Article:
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How an O-Ring Works

All robust seals are characterized by the absence of any pathway by which fluid or gas might escape. Detail differences exist in the manner by which zero clearance is obtained - welding, brazing, soldering, ground fits or lapped finishes - or the yielding of a softer material wholly or partially confined between two harder and stiffer members of the assembly. The O-ring falls in the latter class.

The rubber seal should be considered as essentially an incompressible, viscous fluid having a very high surface tension. Whether by mechanical pressure from the surrounding structure or by pressure transmitted through hydraulic fluid, this extremely viscous fluid is forced to flow within the gland to produce “zero clearance” or block to the flow of the less viscous fluid being sealed. The rubber absorbs the stack-up of tolerances of the unit and its internal memory maintains the sealed condition.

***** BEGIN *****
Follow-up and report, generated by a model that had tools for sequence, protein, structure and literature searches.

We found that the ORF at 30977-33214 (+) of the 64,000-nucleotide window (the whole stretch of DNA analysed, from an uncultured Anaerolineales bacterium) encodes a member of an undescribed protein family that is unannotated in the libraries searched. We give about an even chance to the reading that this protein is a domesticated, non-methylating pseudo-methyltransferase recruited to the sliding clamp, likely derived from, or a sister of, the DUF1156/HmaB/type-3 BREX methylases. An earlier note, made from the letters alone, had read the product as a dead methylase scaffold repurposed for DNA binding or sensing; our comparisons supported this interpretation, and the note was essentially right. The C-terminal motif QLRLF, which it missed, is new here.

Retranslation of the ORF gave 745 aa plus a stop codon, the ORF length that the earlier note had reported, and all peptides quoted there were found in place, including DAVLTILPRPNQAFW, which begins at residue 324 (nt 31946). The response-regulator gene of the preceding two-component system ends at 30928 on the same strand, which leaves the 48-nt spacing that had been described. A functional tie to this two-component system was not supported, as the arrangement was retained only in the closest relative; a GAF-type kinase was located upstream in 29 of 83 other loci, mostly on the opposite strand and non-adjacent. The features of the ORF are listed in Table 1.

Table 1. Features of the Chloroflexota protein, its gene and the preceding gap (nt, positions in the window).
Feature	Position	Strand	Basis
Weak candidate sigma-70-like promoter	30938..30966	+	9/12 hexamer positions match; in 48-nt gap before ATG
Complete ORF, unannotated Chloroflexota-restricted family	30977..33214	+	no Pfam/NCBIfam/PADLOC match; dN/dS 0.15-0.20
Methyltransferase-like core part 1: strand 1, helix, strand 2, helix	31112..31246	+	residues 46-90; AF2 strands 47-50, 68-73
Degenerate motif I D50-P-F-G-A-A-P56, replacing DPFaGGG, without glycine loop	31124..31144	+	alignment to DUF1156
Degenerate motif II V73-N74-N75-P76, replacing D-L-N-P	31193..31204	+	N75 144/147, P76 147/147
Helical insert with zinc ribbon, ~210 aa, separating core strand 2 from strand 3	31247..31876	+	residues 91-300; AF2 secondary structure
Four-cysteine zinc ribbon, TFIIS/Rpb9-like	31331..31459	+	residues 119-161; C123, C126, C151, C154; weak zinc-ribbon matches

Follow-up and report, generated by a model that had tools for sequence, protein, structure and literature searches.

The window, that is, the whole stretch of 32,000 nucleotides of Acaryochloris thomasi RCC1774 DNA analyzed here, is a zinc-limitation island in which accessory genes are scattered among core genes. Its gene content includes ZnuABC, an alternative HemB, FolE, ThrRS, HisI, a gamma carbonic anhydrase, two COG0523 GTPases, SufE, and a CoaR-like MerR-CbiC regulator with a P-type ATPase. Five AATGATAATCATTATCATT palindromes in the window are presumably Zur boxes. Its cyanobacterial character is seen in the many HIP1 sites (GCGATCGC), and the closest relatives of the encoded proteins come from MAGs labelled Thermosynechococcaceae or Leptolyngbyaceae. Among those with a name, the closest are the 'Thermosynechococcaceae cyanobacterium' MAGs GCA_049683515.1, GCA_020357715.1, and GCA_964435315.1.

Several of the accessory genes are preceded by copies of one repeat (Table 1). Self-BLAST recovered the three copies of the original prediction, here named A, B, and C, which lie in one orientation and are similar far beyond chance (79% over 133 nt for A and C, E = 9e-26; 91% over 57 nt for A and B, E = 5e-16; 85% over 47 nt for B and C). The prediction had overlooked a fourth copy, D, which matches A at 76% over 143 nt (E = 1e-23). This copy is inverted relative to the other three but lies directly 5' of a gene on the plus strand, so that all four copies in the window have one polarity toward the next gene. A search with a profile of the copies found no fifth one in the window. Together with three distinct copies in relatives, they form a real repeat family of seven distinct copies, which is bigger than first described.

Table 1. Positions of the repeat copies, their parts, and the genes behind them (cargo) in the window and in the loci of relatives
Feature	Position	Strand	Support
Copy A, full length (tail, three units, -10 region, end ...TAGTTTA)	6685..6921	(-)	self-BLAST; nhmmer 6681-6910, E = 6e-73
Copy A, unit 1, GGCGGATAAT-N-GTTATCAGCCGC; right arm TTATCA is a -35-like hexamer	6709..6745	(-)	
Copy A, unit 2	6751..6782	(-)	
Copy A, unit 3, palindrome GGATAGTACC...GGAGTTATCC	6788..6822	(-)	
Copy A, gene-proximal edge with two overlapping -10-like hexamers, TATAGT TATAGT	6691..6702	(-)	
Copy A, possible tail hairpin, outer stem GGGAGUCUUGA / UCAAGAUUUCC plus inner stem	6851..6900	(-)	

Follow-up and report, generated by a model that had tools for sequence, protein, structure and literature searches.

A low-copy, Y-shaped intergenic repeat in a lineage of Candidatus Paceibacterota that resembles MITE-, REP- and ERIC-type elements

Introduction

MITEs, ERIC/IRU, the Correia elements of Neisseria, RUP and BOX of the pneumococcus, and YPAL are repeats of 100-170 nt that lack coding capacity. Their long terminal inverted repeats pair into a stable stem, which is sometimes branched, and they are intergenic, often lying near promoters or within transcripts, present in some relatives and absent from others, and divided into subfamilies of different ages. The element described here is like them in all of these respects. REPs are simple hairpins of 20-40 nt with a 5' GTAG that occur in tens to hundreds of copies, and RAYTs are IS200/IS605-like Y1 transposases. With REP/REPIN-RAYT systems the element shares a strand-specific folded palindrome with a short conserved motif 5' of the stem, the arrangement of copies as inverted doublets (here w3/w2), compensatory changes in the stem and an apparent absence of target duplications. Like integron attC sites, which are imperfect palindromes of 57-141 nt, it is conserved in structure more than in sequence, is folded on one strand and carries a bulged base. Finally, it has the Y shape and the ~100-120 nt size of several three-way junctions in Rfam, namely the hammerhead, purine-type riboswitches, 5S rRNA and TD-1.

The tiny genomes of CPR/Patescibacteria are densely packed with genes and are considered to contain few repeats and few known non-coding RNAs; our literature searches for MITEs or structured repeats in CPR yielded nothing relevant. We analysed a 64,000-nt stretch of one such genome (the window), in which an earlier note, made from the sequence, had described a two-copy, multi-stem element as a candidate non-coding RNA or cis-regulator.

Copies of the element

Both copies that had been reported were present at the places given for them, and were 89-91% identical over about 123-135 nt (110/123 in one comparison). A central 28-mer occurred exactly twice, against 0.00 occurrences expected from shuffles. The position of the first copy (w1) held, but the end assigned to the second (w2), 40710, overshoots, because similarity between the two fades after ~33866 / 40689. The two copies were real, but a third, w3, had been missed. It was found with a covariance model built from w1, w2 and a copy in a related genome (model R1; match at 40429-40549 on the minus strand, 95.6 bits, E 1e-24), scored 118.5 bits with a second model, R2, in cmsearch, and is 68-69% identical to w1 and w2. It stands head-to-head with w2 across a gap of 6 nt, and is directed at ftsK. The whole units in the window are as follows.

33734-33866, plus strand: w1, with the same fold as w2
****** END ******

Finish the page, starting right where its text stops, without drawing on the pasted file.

O-ring seated on piston.

Figure 1-4 illustrates the O-ring as installed, before the application of pressure. Note that the O-ring is mechanically squeezed out of round between the outer and inner members to close the fluid passage. The seal material under mechanical pressure extrudes into the micro fine grooves of the gland. 

Piston and O-ring installed 
in bore.

Figure 1-5 illustrates the application of fluid pressure on the O-ring. Note that the O-ring has been forced to flow up to, but not into, the narrow gap between the mating surfaces and in so doing, has gained greater area and force of sealing contact. 

O-ring sealing fluid toward 
the pressure source. 


Parker Hannifin
O-Ring & Engineered Seals
2360 Palumbo Drive
Lexington, KY 40509
Ph: 859-269-2351
Fax: 859-335-5128